Warm weather, strong sun, and light winds made Thursday a beautiful day.  Our snowpack notices changes in the weather like this, like the melting of surface layers and the potential healing of buried weak layers.  Observations from Thursday include limited loose wet slide activity, as one regular observer noted "the upper layer goes pretty easy with a push but didn't see any natural activity, though it was pretty punchy in the trees". 

Beautiful spring weather made for pleasant traveling the last few days and many folks got out into the backcountry.  Observations from ridgetops are consistent with those at lower elevations - a buried layer of facets 1-3 feet down is present in most places (video).  Many slopes also have a hard crust or two associated with this faected layer, providing a smooth sliding surface for the overlying persistent slab.  Stability tests results indicate this faceted layer is willing to propagate with a moderate amount of force.  A regular observer found this facet/crust combo on a SE aspect on Wednesday, and noted good corn skiing and the beginnings of wet loose activity in the afternoon. 

Pic; pit from Wed, N aspect at 11,600ft

Pic; Graham checking out the wind scoured ridgeline

 

Weather and CURRENT CONDITIONS
weather summary

Another warm day is on tap with the possibility of dreaded rain.  Temperatures should be slightly cooler than yesterday (Mid 40's to Mid 50's) but still well above freezing.  Winds will be light out of the north.  Clouds will build throughout the day with the possibility of light rain in the afternoon/evening at lower elevations and snow flurries at high elevations.

Weather observations from the Wheeler Peak Wilderness between 9000 ft. and 13000 ft.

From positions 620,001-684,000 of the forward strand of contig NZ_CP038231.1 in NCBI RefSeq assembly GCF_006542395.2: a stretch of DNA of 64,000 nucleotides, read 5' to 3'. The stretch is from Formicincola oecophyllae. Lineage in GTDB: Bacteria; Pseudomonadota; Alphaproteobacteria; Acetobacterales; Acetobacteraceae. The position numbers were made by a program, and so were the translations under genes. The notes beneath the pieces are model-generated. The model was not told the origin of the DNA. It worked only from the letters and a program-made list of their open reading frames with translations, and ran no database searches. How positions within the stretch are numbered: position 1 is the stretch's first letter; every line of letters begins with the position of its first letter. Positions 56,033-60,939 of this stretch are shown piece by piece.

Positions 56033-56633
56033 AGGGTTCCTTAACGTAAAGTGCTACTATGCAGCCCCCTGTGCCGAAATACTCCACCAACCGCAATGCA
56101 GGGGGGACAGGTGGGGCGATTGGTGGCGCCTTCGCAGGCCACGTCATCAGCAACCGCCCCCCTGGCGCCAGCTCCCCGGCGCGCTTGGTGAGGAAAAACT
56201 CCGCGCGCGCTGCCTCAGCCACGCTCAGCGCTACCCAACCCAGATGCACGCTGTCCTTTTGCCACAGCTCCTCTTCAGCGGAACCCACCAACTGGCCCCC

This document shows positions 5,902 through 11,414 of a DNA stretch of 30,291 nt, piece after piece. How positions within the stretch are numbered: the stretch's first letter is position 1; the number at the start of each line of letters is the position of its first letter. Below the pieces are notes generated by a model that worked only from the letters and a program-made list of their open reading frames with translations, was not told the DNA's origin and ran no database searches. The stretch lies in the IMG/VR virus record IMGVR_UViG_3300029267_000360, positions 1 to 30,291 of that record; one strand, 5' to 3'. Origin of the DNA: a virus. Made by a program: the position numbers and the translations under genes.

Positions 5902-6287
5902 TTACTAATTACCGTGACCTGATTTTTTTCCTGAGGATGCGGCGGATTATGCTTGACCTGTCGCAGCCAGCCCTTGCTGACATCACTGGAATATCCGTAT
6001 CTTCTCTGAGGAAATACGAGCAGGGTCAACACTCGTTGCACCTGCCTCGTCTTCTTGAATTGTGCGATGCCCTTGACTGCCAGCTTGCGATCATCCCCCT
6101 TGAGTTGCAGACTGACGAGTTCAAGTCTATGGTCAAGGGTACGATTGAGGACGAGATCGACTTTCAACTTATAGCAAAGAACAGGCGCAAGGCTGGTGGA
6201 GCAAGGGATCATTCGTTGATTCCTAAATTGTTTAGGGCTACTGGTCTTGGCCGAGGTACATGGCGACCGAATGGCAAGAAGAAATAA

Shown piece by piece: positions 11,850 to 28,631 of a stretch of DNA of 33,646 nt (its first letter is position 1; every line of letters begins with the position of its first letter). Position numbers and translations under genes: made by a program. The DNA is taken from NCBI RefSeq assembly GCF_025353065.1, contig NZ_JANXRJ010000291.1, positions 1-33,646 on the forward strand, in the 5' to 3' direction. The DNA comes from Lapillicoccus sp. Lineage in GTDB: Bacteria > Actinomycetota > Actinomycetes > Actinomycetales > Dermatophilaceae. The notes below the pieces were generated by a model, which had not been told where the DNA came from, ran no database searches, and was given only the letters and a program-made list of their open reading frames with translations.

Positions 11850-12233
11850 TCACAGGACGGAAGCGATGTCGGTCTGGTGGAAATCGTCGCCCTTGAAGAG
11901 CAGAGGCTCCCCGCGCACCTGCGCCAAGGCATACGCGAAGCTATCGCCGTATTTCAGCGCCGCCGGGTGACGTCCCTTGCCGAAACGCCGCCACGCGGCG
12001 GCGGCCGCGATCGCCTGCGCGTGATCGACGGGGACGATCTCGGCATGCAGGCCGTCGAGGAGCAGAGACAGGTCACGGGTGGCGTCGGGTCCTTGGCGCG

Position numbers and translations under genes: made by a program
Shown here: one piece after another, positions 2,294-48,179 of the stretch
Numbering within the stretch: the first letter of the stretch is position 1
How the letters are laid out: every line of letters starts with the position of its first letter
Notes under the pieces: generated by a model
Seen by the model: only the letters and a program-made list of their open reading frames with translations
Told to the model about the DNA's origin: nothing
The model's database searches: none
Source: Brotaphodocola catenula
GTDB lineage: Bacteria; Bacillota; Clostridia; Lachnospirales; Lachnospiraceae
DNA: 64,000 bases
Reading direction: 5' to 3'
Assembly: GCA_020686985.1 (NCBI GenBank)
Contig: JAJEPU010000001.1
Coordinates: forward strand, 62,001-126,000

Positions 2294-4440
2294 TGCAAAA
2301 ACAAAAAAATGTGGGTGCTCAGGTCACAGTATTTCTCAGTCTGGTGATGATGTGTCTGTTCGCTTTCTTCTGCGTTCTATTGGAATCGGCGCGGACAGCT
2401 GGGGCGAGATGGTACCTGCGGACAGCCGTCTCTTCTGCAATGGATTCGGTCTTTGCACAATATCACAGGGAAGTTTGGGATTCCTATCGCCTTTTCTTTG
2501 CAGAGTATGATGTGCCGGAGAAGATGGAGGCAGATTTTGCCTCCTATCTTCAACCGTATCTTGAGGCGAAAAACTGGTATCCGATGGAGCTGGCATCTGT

0600 temperature: 29.4 deg. F.
Max. temperature in the last 24 hours: 41.4 deg. F.
Average wind direction during the last 24 hours: W
Average wind speed during the last 24 hours: 18 mph
Maximum wind gust in the last 24 hours: 39 mph
New snowfall in the last 24 hours: 0 inches
Total snow depth: 84.5 inches
Two-Day Mountain Weather Forecast Produced in partnership with the Albuquerque NWS
For 9000 ft. to 10000 ft.
Saturday Saturday Night Sunday
Weather: Partly cloudy in the morning, then mostly cloudy with a slight chance of rain showers Partly cloudy with slight chance of rain showers and snow showers in the evening Mostly sunny in the morning, then becoming partly cloudy
Temperatures: high to 53 deg. F. low to 26 deg. F. high to 54 deg. F.
Wind Direction: N E SW
Wind Speed: 0-10 5-15 5-15
Expected snowfall: 0.01-0.03 Rain in. 0.1-0.2 in. 0 in.
For 11000 ft. to 13000 ft.
Saturday Saturday Night Sunday
Weather: Partly cloudy in the morning, then mostly cloudy with a slight chance of rain showers and snow showers in the afternoon Partly cloudy with slight chance of snow showers in the evening Mostly sunny in the morning then becoming partly cloudy
Temperatures: high to 41 deg. F. low to 22 deg. F. high to 44 deg. F.
Wind Direction: NW SE W
Wind Speed: 5-15 5-15 10-25
Expected snowfall: 0.1-0.5 in. 0.1-0.2 in. 0 in.
Disclaimer

This advisory applies only to backcountry areas outside established ski area boundaries, Click here for a map of the area. . This advisory describes general avalanche conditions and local variations always occur. This advisory expires 24 hours after the posted time unless otherwise noted. The information in this advisory is provided by the Taos Avalanche Center who is solely responsible for its content.